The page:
The downgrade of Spain ’s sovereign credit rating by Moody’s to Aa2 from Aa1 at the end of last week focused the markets’ attention back on Europe ’s troubled banking sector. A third round of bank stress tests is scheduled to be conducted in the next few months. On 18th March the EU authorities will publish the macro economic scenarios and the sample of banks that will undergo the tests. This is key for the market as it will determine whether the tests are strong enough to really give a true snap shot of the bad debts and recapitalization needs of some of Europe ’s most troubled lenders, particularly the Spanish Caja banks. More details will follow in April when the stress test methodology is disclosed and then in June when we finally get the results.
There is no doubt that the EU authorities have made a hash of dealing with their financial problems. It has taken three rounds of stress tests to try and make sense of the bad debts still swimming in Europe’s financial system.
Investors will only be happy once they know exactly how bad the problems are. When the US published devastating results of their bank stress tests in 2009 it was greeted warmly by the markets and led to a stock market rally. Investors will only be happy to hold assets from Europe ’s periphery if they can accurately calculate the risk of doing so. Right now they are guessing that things are worse than the authorities are saying, hence bond yields are rising to unsustainable levels. If the truth was out there then bond yields may even start to moderate. Until the full extent of the debt crisis is known there can be no remedy. If the results of the tests are published in June, then a solution is unlikely to be found until the end of the year.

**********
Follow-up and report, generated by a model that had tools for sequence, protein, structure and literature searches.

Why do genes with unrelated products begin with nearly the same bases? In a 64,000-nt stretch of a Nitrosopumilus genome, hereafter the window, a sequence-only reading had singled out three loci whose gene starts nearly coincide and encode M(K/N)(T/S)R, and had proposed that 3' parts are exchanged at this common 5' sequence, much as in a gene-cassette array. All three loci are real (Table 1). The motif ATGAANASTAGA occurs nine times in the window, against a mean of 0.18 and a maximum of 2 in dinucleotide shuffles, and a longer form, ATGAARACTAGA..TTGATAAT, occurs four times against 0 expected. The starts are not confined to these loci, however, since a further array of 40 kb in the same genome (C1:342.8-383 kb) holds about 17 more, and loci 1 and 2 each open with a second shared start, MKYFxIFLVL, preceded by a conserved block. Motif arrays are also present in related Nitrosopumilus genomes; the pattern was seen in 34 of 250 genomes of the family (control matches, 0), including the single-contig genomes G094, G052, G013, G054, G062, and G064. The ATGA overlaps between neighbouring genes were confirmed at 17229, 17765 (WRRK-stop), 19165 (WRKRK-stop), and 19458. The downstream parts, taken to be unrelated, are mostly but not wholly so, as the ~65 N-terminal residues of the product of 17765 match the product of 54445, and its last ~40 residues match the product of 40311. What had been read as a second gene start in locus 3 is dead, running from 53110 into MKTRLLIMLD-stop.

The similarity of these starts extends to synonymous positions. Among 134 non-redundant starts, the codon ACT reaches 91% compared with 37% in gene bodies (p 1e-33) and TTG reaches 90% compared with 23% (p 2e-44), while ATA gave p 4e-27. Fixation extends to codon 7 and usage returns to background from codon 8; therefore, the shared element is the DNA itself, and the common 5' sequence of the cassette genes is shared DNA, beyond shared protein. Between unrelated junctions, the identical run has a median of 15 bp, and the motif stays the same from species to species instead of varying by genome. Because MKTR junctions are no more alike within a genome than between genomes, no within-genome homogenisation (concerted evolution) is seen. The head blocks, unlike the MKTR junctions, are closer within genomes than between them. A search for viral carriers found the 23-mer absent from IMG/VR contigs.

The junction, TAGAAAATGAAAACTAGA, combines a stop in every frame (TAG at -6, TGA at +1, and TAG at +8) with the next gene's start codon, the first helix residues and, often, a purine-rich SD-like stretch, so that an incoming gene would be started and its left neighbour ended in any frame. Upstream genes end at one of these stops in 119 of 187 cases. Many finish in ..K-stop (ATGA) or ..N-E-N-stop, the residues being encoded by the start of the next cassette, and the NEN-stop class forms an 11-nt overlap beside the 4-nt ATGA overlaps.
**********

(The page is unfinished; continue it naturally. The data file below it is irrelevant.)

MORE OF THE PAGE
By that time Portugal is most likely to have applied for bailout funds, while Spain just about avoids doing so. But there is a lot of pressure on the larger of the two Iberian nations. Although debt issuance in 2011 is only about 80 per cent of what it was in 2010, Spain still has to tap the markets for an enormous EUR600bn or more for the rest of this year. Doing so at the same time as the bank stress tests are taking place could test investors’ patience. If Spain’s banks require significantly more capital than the EUR 20bn the Spanish authorities have disclosed then its debt could be significantly harder to sell to foreign investors who have already been cutting back on their exposure to the weaker Eurozone states.
The euro has brushed off sovereign debt woes in the past, but they are increasingly weighing on the single currency. It fell back to the 1.3800 level versus the dollar at the end of last week, and the key 1.4000 resistance level is unlikely to be broached for the time being. Technically EURUSD is still in an uptrend above 1.3535 – the top of the Ichimoku cloud, but it has fallen sharply and if we don’t get a bounce somewhere between 1.3600 and 1.3700 then we could see a sharper decline over the coming months, especially versus the greenback.